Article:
Mad bad and dangerous to know


As the lovely and talented Keira pointed out yesterday, it was Byron’s birthday on Tuesday. (I always remember Byron’s birthday because it’s my father’s birthday too–he just turned 97! Younger than Byron, but not by much.)

So happy birthday, Byron, the ultimate bad boy– mad bad and dangerous to know as the equally mad bad and dangerous Lady Caroline Lamb, defined him. But heck, the man was HAWWWT.

I blogged a little while ago about this excellent book by Jude Morgan about Byron, Shelley, et al, and I urge you to read it–it’s fabulous. (And I’ve just read Symphony by Jude Morgan, about Berlioz and Harriet Smithson, an amazing book. But I’m saving that for another time .) So I thought we’d celebrate Byron’s birthday with some of his quotations–many of which I found at this excellent site, not that there’s a shortage of sites about Byron. And throw in a few more pics of him.

I awoke one morning and found myself famous.

I have great hopes that we shall love each other all our lives as much as if we had never married at all.

Always laugh when you can. It is cheap medicine.

What men call gallantry, and gods adultery,
Is much more common where the climate’s sultry.

The reading or non-reading a book will never keep down a single petticoat.

A woman should never be seen eating or drinking, unless it be lobster salad and Champagne, the only true feminine & becoming viands.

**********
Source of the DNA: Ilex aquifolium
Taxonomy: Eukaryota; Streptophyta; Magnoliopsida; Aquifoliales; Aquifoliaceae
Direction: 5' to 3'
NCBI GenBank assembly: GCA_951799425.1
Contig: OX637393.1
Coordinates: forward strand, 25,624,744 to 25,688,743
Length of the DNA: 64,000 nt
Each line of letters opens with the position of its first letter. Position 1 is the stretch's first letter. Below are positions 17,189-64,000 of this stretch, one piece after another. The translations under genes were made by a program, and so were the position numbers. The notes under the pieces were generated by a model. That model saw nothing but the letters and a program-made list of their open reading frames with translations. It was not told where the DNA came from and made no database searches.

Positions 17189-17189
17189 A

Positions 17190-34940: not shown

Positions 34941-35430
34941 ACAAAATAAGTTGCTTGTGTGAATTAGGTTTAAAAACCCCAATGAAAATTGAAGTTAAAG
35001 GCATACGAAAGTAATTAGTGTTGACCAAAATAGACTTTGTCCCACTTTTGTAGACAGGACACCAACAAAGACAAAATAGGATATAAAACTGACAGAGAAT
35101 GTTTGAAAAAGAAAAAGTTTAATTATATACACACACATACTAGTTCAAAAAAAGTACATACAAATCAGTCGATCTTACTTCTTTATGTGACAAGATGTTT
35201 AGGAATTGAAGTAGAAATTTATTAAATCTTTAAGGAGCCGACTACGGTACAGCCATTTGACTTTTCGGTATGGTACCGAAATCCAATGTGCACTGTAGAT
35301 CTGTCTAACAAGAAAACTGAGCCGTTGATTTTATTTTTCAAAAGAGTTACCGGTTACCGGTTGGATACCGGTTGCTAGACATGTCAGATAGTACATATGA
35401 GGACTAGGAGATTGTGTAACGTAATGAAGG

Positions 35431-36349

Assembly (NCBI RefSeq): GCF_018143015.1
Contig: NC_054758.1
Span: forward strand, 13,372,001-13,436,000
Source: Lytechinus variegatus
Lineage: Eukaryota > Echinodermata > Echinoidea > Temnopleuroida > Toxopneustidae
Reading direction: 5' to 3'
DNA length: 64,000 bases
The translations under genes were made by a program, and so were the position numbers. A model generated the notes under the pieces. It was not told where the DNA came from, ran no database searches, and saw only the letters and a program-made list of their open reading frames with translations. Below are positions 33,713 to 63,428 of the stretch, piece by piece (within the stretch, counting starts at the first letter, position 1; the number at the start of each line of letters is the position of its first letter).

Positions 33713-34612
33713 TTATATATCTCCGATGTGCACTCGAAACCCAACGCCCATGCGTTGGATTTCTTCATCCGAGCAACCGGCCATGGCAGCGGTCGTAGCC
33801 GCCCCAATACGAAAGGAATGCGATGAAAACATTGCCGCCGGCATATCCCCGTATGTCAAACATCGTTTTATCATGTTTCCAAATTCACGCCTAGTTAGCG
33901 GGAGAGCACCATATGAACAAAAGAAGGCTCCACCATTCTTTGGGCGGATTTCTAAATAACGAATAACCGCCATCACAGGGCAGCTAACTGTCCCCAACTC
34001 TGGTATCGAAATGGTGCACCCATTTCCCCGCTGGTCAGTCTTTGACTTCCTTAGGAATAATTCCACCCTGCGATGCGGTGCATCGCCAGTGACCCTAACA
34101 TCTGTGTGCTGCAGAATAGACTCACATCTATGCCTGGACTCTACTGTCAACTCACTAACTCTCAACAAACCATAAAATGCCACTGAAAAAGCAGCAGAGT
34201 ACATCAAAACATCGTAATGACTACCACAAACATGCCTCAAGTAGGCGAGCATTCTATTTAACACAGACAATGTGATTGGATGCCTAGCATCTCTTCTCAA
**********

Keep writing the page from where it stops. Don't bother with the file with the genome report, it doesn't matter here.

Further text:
I am about to be married, and am of course in all the misery of a man in pursuit of happiness.

For the sword outwears its sheath,
And the soul wears out the breast,

And the heart must pause for breath,
And love itself have rest.

So share your favorite Byron quote, poem, or anecdote. Or tell us how long it would have taken you to enter into a scandalous and public liaison with him (me: ten minutes).

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13 Responses to Mad bad and dangerous to know

  1. Really Janet? He would have had me at hello! I love the quote about champagne and lobster salad. Not only is it making me hungry, but he’s totally correct. I have Passion on my TBR pile. I’ve had a wee crush on Byron since childhood, and Gabriel Bryne’s performance in that otherwise execrable movie Gothic I thought was close to what he must have been like. I’ve already written about Lady Caroline Lamb, but my goal is to write about all of Bryon’s women on Scandalous Women. Did you see the movie with Jonny Lee Miller, Janet?

  2. Georgie Lee says:

    “There is a pleasure in the pathless woods,
    There is a rapture on the lonely shore,
    There is society, where none intrudes,
    By the deep sea, and music in its roar:
    I love not man the less, but Nature more,
    From these our interviews, in which I steal
    From all I may be, or have been before,
    To mingle with the Universe, and feel
    What I can ne’er express, yet cannot all conceal.”

    This is my favorite Byron quote. It’s from “Childe Harold”. Have you read “Wildly Romantic: The English Romantic Poets” by Catherine M. Andronik. It’s a very good survey of the scandals and lives of the romantic poets.

  3. But the heart which is thine shall expire undebased,
    And man shall not break it – whatever thou may’st.
    And stern to the haughty, but humble to thee,
    This soul in its bitterest blackness shall be;
    And our days seem as swift, and our moments more sweet,
    With thee at my side, than with worlds at our feet.